Mythical creatures and monsters


In Greek mythology, the Muses are the goddesses of all the arts. They were the daughters of the supreme god Zeus and Mnemosyne (goddess of memory).

The Muses were very beautiful and noble and lived with the gods on Olympus (also at the springs of Boeotia or Parnassus). The closest of the gods to them was Apollo. All the gods protected the Muses except Ares, who did not treat them well. The Muses loved to dance and sing, thus entertaining the gods and themselves.

They were kind to humans, especially poets, actors, singers and playwrights. But if someone insulted them or exalted themselves above them, they could be evil. Thus Thamyros lost his voice, his hearing and his sight because he boasted that he had beaten the Muses in a contest. Pýrenaos, on the other hand, died at the hands of Zeus after he tried to seize the Muses.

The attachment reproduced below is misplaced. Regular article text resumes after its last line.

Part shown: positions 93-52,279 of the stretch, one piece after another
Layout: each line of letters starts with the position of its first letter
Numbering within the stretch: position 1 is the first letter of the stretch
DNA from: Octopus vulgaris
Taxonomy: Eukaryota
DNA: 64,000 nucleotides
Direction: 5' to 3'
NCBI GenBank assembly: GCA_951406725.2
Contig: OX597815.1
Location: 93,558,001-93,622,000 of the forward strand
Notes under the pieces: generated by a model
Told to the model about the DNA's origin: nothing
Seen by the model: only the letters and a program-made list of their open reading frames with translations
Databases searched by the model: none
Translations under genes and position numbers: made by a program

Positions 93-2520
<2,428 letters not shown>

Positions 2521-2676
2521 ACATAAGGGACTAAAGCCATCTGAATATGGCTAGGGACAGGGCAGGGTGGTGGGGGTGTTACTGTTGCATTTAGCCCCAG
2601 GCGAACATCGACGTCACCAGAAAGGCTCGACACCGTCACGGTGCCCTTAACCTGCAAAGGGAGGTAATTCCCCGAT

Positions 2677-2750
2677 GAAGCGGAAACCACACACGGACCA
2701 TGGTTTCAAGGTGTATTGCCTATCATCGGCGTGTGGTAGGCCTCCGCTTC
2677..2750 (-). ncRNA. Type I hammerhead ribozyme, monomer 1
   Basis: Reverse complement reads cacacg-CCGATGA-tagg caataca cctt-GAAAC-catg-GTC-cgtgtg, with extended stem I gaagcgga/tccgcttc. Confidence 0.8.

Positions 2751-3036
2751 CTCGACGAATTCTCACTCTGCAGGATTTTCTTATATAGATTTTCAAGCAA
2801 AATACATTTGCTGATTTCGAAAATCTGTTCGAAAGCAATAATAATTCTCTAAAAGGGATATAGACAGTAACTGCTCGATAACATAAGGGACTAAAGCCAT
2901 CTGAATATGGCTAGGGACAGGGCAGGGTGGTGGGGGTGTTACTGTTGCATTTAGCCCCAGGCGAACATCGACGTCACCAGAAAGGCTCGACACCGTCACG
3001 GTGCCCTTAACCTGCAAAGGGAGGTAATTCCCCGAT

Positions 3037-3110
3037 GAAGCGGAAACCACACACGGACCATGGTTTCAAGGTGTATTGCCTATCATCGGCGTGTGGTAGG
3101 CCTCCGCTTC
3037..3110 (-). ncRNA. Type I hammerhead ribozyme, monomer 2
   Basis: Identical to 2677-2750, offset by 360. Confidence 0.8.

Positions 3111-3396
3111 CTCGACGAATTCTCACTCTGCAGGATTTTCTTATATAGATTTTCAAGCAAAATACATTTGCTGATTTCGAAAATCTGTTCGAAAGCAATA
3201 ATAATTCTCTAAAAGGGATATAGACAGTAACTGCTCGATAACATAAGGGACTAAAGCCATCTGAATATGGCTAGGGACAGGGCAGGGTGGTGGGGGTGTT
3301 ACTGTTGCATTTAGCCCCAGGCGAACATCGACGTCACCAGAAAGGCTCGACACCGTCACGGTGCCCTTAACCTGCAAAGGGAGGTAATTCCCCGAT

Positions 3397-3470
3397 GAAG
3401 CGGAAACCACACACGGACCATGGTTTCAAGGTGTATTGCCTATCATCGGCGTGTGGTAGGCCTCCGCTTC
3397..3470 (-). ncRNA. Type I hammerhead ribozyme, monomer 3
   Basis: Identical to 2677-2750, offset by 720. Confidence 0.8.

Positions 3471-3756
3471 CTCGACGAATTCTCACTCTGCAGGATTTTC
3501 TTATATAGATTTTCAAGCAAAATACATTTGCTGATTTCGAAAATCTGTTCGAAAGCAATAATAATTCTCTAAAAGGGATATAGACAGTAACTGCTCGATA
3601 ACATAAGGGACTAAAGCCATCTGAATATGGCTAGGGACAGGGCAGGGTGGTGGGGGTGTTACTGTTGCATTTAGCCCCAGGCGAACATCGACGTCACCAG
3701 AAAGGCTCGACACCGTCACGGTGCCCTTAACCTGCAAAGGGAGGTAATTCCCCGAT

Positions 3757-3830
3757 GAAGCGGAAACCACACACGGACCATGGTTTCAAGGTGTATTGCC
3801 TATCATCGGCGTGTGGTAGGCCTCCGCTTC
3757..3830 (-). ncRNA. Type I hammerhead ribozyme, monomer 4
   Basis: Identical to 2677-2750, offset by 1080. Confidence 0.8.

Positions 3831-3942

The Muses were nine in number, named Kalliope ("with a beautiful voice"), Euterpe ("cheering"), Erató ("affectionate"), Thaleia ("festive, flowering"), Melpomené ("singing"), Terpsichore ("dancing in a circle"), Kleió ("celebrating"), Urania ("celestial") and Polyhymnia ("polyphonic"). In the oldest texts, three quite distinct Muses are mentioned, namely Meleté ("care"), Mnémé ("memory") and Aoidé ("singing").

The word "muse" is derived from the verb "maomai" (to strive, to desire). For the Greeks, the artistic performances of poets, dancers and musicians were not their creation; everything, they believed, came from the divine inspiration provided by the Muses. This is why the Muse is invoked at the beginning of the creation of art.

From the word muse also derives the word "museum" as a centre of sciences and arts.